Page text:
Washington The National Zoo will not be welcoming a new giant panda cub this summer, officials said Friday morning.
The announcement was based on study of the hormone levels and weekly ultrasound exams of the zoo's 230-pound female giant panda, Mei Xiang, who was artificially inseminated in April.
Mei Xiang's level of progesterone, a hormone associated with pregnancy, began to decline on June 28, zoo officials said in a statement issued Friday. That hormone has now reached baseline levels. Since she has not delivered a cub, zoo experts determined that she had a pseudopregnancy.
Panda pregnancies are notoriously difficult to diagnose. After ovulating, a panda almost always undergoes changes associated with a pregnancy even when she has not conceived.
Zoo officials said, for example, recent ultrasound tests showed changes in the panda's uterus that could have indicated a pregnancy, but the tests never showed a fetus. "We never got a heartbeat," one expert said.
Mei Xiang, who is 8, has had four pseudopregnancies. She had three before giving birth to her only cub, Tai Shan, in 2005.
Zoo officials said Mei Xiang's behavior will return to "normal" shortly, meaning her appetite and activity levels will increase.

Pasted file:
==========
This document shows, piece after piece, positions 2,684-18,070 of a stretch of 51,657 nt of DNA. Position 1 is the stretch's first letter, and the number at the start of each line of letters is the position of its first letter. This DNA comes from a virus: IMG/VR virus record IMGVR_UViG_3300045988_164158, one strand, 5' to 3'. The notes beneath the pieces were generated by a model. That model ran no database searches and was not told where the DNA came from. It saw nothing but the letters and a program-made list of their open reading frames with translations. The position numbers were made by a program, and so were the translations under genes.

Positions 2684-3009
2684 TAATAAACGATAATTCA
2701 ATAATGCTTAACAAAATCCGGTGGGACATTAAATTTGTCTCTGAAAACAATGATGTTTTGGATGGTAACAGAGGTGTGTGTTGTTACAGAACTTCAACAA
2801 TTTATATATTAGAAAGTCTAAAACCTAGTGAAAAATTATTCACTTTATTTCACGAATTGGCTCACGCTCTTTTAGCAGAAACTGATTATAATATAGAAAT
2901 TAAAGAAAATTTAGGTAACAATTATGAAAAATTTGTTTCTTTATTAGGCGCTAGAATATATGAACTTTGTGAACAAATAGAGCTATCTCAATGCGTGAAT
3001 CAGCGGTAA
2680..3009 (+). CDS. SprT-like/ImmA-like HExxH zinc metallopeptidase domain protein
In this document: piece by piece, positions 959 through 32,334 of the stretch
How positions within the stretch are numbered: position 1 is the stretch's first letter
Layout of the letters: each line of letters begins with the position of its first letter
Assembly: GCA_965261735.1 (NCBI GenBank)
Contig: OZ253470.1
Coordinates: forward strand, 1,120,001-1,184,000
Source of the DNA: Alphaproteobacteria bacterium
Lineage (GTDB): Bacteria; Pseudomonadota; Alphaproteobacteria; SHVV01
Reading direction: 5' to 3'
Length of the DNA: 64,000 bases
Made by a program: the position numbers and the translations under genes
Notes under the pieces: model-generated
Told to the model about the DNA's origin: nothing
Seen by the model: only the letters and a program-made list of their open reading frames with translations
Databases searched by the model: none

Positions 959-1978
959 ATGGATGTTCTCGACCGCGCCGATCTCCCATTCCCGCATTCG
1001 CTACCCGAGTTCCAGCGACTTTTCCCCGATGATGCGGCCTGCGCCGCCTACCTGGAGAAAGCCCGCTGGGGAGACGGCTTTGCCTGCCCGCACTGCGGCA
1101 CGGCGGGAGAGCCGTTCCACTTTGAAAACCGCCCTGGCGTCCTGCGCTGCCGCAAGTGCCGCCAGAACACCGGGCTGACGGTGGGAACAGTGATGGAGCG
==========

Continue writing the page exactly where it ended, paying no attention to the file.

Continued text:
Giant pandas generally ovulate once a year, so zoo scientists will determine whether Mei Xiang should be considered for breeding in 2008.
Mei Xiang was inseminated with semen from Gao Gao, a giant panda in the San Diego Zoo. As her hormone levels spiked, and then began to level off, National Zoo officials had been watching her closely for pregnancy clues.
Mei Xiang was placed on a 24-hour-a-day panda cam pregnancy watch on June 29, and the zoo established an optimal birth window of July 6 to July 16. Panda gestation periods range between 90 and 185 days.
Zoo scientists had been carefully monitoring Mei Xiang's rising hormone levels, which can be clues to pregnancy, and performing ultrasound examinations several times a week to try to determine if the panda was pregnant. But even up to the last moment, zoo officials said they remained uncertain.
Experts said the panda's pregnancy hormone level began to drop several days ago, a development that meant the panda was about to give birth or that the pregnancy was false.
When the panda's hormones were tested Thursday and found to have bottomed out, and no cub had appeared, scientists realized that Mei Xiang was not pregnant.
"Everyone's, of course, very disappointed, very disappointed," said JoGayle Howard, a zoo reproduction expert who performed the insemination procedure on Mei Xiang. "That's just the way it goes. We can try it again."